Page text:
Why coaching is a vital to the entrepreneur engine

The most significant challenge for entrepreneurs is to transition from establishing their business to developing it, says a representative from a global federation of business coaches.

This is where a business coach becomes invaluable - to harness your entrepreneurial spirit and transition it into managing your business sustainably, says Trish Neill, regional lead at the International Coach Federation (ICF).

Presenting a masterclass on ‘unleashing ideas for growth through coaching’ at the fourth annual African Women Innovation and Entrepreneurship Forum (AWIEF) in Cape Town, she says it’s often quite a tricky transition for entrepreneurs.

Businesses today are operating in what Neill calls a ‘ VUCA ’ – volatile, uncertain, complex and ambiguous - environment.

“Coaching happens in real time with the circumstances they’re presented with – the pace of change requires this. You can’t study a textbook to deal with decisions that need to be made today,” she says.

According to Neill, coaching isn’t always about changing something but to access thinking to create something new.

“I think why entrepreneurs particularly make use of coaching is that they value their own thinking and ideas. Coaching gives them focus and time to engineer their thinking into something sustainable,” she says.

After the transition, entrepreneurs want a “helicopter view” of their business, adds Cindy Muthukarapan, president of the South African branch of the ICF.

“They transition from working in their business to working on their business. They ask where to [from here]? So, it becomes a big picture thinking for growth and development.”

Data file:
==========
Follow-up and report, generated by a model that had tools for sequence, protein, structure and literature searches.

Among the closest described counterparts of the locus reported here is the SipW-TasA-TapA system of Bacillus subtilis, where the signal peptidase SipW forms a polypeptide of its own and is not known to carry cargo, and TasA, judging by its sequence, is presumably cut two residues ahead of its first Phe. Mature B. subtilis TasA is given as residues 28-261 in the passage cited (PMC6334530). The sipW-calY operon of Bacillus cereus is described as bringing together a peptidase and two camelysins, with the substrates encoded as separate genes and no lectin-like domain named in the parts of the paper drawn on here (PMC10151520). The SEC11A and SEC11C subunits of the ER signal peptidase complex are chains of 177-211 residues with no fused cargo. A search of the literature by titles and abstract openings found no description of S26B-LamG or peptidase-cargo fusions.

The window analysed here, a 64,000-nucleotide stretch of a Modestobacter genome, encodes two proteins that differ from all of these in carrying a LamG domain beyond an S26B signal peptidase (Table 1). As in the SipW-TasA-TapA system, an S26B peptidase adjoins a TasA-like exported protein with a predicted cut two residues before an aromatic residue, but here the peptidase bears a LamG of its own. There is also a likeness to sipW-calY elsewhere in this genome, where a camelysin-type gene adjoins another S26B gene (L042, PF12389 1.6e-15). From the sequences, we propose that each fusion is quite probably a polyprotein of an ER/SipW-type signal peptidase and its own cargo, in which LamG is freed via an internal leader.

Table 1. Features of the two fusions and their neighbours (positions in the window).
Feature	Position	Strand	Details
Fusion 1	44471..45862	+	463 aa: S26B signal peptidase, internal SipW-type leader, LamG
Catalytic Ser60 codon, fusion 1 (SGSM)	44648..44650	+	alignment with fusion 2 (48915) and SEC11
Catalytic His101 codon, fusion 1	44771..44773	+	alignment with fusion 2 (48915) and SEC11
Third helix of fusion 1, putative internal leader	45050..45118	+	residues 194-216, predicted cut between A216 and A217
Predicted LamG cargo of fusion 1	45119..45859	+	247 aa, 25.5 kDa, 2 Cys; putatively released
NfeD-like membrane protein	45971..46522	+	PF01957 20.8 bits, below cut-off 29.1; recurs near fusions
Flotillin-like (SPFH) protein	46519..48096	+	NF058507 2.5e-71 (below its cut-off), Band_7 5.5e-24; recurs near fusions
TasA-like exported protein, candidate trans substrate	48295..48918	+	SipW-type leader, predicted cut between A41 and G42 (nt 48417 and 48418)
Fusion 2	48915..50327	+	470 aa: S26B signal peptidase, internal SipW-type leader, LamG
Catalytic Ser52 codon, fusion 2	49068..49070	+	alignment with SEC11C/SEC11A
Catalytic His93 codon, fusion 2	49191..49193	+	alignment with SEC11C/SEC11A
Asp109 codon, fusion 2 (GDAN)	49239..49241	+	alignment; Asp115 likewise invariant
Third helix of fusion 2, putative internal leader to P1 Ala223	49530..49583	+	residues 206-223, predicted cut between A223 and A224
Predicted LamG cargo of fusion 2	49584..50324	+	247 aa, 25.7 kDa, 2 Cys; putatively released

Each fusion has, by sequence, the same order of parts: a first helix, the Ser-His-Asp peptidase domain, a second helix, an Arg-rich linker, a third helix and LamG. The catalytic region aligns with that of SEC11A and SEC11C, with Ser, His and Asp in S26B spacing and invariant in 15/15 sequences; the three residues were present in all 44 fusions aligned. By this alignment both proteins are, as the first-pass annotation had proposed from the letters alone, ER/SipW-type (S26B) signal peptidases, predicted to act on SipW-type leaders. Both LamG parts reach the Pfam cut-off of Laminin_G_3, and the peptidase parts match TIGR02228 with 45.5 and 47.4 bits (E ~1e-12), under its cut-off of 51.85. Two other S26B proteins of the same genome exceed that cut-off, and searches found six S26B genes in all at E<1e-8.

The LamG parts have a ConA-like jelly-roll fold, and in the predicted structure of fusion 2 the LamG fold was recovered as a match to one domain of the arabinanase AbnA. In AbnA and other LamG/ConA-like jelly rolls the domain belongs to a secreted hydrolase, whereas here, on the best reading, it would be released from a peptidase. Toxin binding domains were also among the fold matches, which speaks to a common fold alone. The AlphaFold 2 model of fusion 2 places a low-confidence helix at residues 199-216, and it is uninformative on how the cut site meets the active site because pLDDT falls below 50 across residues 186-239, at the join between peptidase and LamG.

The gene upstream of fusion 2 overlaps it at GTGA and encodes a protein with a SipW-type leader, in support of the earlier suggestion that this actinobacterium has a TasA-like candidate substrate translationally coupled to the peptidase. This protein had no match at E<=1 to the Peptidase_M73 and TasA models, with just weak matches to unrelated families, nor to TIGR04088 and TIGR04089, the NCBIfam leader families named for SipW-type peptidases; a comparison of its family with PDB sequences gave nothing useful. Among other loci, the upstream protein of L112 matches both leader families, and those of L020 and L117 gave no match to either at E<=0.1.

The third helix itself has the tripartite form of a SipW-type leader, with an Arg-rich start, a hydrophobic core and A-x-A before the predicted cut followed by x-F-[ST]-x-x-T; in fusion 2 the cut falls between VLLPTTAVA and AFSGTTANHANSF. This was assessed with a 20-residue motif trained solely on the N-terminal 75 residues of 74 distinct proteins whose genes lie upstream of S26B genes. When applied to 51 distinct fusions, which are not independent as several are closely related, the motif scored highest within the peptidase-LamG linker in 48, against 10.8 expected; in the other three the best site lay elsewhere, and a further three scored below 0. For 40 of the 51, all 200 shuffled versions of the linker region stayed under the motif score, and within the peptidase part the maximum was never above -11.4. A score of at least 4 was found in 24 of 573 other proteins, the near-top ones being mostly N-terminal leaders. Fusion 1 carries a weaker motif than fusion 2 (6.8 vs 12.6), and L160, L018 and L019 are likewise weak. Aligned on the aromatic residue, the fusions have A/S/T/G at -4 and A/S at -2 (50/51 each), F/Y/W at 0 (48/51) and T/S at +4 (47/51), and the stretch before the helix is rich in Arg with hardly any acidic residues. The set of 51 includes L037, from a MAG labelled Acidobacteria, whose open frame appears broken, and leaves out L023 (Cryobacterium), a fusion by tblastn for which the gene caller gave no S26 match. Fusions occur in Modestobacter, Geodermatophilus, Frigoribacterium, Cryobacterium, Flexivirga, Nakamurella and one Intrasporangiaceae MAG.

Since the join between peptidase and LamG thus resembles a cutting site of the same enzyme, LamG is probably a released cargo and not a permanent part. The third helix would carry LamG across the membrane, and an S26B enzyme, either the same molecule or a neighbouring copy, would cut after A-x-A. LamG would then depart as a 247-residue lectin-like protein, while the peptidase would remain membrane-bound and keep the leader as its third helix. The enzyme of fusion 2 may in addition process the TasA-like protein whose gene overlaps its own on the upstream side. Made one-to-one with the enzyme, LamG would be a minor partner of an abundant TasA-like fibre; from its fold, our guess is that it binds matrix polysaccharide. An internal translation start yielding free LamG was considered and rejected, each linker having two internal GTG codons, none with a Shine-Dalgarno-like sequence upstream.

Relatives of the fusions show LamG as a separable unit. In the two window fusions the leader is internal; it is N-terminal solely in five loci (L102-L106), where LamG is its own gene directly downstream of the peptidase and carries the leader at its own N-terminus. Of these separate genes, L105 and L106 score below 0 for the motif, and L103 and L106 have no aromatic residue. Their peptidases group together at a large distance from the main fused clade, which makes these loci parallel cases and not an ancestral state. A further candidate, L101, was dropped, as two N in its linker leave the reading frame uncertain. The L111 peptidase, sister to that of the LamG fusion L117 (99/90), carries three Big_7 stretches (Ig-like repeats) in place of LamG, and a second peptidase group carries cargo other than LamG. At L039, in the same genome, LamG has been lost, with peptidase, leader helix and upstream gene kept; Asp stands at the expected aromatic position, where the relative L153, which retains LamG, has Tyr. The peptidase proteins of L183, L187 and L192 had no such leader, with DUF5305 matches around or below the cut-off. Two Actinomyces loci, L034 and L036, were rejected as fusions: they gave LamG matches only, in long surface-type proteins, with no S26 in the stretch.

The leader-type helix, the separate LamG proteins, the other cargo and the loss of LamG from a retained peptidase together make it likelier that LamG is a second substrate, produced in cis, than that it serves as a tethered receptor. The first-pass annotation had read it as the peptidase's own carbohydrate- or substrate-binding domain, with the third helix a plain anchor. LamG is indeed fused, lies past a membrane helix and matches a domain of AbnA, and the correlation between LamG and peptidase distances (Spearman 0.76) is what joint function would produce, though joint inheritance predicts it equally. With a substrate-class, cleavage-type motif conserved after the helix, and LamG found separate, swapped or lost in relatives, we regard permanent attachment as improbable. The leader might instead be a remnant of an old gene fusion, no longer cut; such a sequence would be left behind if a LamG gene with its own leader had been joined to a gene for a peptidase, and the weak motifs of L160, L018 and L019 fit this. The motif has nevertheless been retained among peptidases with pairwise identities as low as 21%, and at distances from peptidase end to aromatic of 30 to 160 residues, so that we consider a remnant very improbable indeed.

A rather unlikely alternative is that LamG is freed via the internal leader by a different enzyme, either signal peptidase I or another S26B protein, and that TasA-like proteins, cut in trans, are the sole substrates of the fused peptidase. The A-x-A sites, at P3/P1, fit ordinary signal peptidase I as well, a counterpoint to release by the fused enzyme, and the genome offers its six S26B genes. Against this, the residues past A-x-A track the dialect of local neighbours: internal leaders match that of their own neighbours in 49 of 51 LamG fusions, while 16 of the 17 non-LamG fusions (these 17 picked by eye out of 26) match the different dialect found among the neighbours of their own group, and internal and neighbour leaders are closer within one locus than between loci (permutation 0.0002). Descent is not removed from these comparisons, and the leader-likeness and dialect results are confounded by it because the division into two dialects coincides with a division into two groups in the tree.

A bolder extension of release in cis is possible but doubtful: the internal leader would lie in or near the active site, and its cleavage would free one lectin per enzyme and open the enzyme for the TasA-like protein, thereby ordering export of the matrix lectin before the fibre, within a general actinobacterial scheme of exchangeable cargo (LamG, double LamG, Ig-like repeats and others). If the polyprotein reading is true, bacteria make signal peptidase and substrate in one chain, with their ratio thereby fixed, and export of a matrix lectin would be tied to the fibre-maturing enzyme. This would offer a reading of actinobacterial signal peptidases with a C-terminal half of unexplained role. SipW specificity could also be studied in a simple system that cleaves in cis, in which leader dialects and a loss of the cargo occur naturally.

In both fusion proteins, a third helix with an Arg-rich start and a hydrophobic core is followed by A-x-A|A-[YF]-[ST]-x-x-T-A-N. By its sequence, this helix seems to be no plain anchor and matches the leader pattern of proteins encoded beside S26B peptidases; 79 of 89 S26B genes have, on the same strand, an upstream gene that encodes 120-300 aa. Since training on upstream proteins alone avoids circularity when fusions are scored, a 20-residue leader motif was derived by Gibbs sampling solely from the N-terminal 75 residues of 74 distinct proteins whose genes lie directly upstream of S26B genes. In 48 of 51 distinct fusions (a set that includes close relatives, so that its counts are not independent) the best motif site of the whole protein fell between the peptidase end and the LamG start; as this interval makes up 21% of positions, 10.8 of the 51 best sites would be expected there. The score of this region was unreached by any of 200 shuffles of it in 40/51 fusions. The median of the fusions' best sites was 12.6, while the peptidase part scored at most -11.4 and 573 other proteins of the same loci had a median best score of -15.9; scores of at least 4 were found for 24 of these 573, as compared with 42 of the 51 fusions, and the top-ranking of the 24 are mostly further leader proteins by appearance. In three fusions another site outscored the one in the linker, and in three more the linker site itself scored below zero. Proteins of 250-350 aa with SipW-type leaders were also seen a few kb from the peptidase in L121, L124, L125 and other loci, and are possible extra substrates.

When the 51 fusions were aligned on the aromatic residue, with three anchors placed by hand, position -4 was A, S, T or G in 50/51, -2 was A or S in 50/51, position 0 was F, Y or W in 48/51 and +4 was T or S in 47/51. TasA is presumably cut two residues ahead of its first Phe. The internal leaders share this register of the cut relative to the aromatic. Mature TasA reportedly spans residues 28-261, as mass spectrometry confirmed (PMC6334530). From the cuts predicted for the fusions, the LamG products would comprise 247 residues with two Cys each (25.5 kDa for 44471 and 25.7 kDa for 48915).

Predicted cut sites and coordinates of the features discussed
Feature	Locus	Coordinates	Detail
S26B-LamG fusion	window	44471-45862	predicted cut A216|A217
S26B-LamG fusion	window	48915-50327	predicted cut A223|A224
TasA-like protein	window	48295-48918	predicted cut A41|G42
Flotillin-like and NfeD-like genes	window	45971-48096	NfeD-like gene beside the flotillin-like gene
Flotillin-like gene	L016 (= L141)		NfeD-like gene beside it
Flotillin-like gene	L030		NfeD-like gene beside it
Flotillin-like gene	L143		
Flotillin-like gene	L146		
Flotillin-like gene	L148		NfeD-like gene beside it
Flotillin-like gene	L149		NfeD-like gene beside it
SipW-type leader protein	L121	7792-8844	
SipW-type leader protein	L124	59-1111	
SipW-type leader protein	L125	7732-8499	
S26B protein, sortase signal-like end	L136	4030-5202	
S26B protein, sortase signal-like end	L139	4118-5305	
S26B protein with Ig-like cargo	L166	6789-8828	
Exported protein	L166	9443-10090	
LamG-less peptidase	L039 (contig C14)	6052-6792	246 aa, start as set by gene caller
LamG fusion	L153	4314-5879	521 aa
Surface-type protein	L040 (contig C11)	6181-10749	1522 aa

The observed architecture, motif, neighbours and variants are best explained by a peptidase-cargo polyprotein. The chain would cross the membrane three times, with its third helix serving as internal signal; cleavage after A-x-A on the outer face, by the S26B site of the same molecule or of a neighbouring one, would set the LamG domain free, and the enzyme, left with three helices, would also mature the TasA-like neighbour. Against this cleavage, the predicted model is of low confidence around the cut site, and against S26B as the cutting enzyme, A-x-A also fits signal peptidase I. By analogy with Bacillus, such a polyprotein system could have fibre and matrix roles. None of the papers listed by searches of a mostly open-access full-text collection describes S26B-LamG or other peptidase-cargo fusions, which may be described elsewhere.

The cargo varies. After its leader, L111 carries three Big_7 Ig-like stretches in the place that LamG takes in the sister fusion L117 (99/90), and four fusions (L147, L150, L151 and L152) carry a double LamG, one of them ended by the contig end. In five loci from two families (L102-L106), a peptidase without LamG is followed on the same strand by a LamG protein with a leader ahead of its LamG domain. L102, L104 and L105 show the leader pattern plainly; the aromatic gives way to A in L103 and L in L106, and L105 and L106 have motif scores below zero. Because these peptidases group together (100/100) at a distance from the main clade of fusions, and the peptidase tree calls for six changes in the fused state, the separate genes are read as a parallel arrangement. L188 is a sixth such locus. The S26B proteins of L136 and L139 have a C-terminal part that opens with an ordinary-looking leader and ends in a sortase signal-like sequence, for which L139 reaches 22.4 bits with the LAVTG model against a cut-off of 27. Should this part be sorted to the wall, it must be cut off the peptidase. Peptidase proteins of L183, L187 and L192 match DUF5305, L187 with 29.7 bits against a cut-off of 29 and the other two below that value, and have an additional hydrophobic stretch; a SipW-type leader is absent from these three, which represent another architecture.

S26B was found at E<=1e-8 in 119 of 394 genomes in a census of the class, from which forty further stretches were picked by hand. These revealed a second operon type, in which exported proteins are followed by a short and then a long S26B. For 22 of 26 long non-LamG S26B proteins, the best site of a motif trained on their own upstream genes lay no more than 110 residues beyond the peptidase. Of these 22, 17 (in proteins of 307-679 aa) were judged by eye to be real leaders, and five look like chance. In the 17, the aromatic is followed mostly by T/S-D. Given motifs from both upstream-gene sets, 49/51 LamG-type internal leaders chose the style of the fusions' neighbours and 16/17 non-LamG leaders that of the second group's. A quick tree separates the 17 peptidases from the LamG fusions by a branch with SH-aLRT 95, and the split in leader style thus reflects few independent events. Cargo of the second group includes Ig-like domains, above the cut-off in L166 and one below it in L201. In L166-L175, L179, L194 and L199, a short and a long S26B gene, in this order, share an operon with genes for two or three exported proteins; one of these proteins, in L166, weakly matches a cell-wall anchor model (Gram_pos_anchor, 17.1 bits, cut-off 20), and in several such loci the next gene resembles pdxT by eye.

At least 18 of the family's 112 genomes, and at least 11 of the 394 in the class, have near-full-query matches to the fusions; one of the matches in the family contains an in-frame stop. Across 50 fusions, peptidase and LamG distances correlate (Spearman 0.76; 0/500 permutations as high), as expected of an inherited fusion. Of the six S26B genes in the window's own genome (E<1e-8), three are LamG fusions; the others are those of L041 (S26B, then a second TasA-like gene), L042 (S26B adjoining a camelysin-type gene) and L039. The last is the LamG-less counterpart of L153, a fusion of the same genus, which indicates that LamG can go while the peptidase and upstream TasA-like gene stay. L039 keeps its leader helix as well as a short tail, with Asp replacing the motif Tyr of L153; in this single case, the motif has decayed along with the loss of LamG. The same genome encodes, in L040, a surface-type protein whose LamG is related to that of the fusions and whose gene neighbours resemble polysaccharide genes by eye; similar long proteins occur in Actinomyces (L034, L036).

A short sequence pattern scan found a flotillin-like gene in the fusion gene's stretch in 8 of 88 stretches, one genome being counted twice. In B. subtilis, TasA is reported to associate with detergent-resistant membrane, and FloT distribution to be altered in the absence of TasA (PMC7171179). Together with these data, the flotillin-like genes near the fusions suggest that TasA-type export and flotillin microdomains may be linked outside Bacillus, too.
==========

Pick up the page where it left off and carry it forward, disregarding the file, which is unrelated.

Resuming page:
According to Muthukarapan, a business coach will help you unpack all areas of your business to create multi-focused, goal-oriented strategies.

“In a very practical sense, small businesses get stuck into a rhythm of doing the same thing every day, without considering the long-term vision for the business. A coach gets to ask these questions.”

Thembi Tlou, who started the leather bags and accessories manufacturer Luthii Leather four years ago and was coached by Neill, says it was towards the end of the first year of her business that she realised she needed someone to coach her. Fortunately for her, the Cape Craft Design Institute (CCDI) funded the sessions.

Tlou says at the time she had chosen a name for her business that didn’t adequately represent her. But with Neill’s honest feedback, experience, help and advice, she was able to cultivate an appropriate brand identity.

“[My business] has to represent who I am. I’m black and it must show that. I implemented a new name which everyone can now easily pronounce and remember. I made a lot of changes in my company because of her coaching.”

Tlou says it’s important to have someone who can offer you advice – on a business and personal level – or just keep you motivated.

“Sometimes you need someone to help you harness your ideas. A coach can help you to put in the necessary structures to allow you to achieve your dreams,” she says.

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